At Gjellestad in Norway, archaeologists from the Norwegian Institute for Cultural Heritage Research (NIKU) have found a 60 metre longhouse. There is no longer a doubt that Gjellestad, where the same team discovered a Viking ship in 2018, has been a central place in the late Nordic Iron Age. In the next few years, researchers will hopefully find the answer to how Gjellestad became such an important place.
Archaeologists armed with a motorized high resolution georadar have found a Viking ship and a large number of burial mounds and longhouses in Østfold County in Norway
The discoveries were made by the archaeologists Lars Gustavsen and Erich Nau from the Norwegian Institute for Cultural Heritage Research (NIKU) with technology developed by the Ludwig Boltzmann Institute for Archaeological Prospection and Virtual Archaeology (LBI ArchPro).
The Viking ship find is just below the topsoil, at a depth of approximately 50 cm initially buried in a burial mound. The digital data visualisations reveal a large and well-defined 20 m long ship-shaped structure. The data indicate that the lower part of the ship is still preserved. Further non-invasive investigations are planned to digitally map the unique find and the wider landscape.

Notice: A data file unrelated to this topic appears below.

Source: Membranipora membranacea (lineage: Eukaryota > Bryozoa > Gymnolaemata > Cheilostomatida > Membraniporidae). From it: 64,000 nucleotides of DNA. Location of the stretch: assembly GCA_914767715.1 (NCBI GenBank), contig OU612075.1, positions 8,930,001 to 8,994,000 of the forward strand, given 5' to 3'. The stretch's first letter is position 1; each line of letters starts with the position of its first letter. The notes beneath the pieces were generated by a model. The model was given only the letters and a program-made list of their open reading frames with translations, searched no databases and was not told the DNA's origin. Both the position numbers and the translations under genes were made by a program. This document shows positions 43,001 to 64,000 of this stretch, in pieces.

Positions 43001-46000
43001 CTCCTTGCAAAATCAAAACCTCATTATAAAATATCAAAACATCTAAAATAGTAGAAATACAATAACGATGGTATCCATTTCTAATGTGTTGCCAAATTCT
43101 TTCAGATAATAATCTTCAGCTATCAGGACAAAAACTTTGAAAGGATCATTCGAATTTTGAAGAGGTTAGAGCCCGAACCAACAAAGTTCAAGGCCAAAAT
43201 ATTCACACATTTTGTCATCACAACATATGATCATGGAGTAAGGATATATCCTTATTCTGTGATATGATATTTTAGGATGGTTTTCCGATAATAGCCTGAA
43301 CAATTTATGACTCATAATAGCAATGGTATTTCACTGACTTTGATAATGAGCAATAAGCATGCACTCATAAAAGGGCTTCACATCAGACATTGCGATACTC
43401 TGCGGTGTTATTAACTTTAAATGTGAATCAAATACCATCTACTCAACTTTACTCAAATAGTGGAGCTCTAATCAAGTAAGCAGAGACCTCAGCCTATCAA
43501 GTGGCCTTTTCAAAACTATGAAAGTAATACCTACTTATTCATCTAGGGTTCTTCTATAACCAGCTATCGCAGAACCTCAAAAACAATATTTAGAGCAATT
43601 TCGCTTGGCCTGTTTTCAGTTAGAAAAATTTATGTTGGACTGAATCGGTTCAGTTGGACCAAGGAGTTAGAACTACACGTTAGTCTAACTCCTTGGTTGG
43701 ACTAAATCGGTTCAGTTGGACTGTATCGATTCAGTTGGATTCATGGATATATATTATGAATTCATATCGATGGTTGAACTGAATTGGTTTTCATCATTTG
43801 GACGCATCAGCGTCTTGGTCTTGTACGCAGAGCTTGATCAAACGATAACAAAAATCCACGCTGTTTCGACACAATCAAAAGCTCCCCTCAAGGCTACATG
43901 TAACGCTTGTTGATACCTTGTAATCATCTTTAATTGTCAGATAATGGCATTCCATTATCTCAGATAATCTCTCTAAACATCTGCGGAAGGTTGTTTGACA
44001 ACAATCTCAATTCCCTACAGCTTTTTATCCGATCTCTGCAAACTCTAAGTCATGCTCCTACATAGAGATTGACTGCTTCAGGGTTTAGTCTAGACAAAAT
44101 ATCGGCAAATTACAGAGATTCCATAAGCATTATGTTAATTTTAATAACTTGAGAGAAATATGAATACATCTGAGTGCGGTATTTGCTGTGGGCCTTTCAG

The sensational find is located at Viksletta right next to the monumental Jell Mound in Østfold County, Norway. The team has discovered the traces of at least eight so far unknown burial mounds destroyed by ploughing. The georadar data also revealed 5 longhouses – some of them remarkably large.
In the research project Viking Nativity: Gjellestad Across Borders the historical context of the ship will be investigated, and further GPR surveys will be conducted in the area.
If you have any questions regarding this find or the ongoing research project please get in touch with Knut Paasche.
- Status Finished
- Client Østfold fylkeskommune/ NIKU
- Time 2018-2019